In the sprit of the season, Rambus Inc. is giving out another round of subpoenas to all of its friends in the tech industry. Most interesting among the defendants perhaps is nVidia, who only months ago signed a licensing agreement with Rambus to end an ITC blockade of its products, (virtually their whole portfolio), which infringed on Rambus’s patents. Round 2, or 3, or 400ish… Ding!
Joining Nvidia on the stand will be representatives from Broadcom, LSI, MediaTek, STMicroelectronics, and Freescale. Not specifically named, but also on this hook this time are companies whose products incorporate the infringing silicon produced by the mentioned offenders for importation and sale in the United States. This potentially huge pool of wrongdoers produce such products as personal computers, workstations, servers, routers, mobile phones and other handheld devices, set-top boxes, Blu-ray players, motherboards, add-in cards, hard drives and modems. Basically if Rambus gets its way, your local Fry’s store won’t be able to legally stock anything but Red Bull, Bawls and caffeine molecule t-shirts.
At the heart of this legal conquest are two groups of Rambus held patents dubbed Dally and Barth. Semiconductor product features that infringe on the Dally portfolio include: PCI Express, certain SATA, certain SAS, and DisplayPort interfaces. On trial in the Barth bag are products incorporating DDR, DDR2, DDR3, mobile DDR, LPDDR, LPDDR2, and GDDR3 memory controllers. Thankfully, your 3.5″ floppy drive does not appear to be in hot water… yet.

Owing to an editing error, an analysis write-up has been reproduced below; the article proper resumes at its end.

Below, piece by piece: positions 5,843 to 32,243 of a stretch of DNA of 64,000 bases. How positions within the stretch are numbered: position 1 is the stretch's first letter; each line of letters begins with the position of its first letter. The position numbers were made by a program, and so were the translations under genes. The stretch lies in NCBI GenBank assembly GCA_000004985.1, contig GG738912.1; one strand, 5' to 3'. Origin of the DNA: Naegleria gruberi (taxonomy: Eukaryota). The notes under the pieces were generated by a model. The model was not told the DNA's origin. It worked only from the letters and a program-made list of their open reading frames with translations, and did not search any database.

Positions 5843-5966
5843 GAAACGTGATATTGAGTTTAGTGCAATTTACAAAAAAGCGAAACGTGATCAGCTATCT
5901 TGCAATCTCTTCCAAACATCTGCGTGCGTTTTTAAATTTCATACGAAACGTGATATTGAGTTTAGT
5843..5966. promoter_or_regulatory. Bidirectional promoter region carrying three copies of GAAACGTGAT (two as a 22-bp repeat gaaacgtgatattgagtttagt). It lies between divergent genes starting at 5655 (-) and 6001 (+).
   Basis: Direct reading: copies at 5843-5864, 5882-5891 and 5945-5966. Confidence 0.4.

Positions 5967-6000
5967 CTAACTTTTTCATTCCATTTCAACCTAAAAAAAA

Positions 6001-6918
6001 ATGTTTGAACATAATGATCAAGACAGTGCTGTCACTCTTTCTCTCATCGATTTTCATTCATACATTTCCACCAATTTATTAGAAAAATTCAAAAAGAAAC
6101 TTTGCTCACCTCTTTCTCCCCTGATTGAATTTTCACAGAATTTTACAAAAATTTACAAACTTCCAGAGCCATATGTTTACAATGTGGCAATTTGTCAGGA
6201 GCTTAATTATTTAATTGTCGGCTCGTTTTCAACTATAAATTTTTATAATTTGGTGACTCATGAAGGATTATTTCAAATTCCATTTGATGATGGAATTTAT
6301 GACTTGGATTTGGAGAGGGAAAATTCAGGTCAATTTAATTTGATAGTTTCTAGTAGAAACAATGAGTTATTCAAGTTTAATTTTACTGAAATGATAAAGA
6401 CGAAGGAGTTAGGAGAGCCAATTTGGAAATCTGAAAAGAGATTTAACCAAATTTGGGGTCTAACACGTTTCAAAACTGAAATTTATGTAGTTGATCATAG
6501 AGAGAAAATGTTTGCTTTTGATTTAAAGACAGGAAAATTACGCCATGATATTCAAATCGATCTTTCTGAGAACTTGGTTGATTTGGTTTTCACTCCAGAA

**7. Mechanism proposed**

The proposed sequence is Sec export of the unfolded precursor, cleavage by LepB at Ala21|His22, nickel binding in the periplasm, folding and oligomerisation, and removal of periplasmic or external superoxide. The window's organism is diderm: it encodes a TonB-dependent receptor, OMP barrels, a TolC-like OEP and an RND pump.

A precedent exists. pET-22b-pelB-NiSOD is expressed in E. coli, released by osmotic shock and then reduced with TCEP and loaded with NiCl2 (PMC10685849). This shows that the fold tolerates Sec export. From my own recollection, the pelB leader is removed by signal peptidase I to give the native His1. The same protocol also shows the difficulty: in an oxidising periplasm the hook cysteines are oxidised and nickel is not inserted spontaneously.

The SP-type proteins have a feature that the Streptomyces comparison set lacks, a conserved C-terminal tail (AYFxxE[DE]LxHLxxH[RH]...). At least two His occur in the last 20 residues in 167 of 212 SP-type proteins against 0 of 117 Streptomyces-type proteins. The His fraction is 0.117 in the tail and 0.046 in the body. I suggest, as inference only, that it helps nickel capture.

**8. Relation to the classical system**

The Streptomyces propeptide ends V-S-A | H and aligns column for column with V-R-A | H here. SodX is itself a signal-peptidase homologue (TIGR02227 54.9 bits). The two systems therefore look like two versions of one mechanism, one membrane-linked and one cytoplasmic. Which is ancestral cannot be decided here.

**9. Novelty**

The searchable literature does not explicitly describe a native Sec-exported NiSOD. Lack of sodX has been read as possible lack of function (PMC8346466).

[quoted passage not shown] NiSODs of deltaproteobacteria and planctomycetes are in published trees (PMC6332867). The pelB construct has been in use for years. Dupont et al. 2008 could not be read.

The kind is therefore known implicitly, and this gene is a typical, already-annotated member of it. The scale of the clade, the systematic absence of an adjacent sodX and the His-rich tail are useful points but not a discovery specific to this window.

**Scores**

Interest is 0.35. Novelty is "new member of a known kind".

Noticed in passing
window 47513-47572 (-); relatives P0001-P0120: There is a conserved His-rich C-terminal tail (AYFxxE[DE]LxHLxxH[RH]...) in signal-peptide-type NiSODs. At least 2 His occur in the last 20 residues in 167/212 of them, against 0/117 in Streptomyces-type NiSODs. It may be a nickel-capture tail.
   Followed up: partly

Currently this is more or less in the “wake-up call” stage, as the ITC (International Trade Commission) must review the allegations and decide whether or not to halt importation of virtually any electronic gizmo worth having. This process will take 30-45 days, most likely to prevent Rambus from becoming the law firm who stole Christmas.
Any bets on how long before Rambus gets a patent on taking people to patent court?S|A
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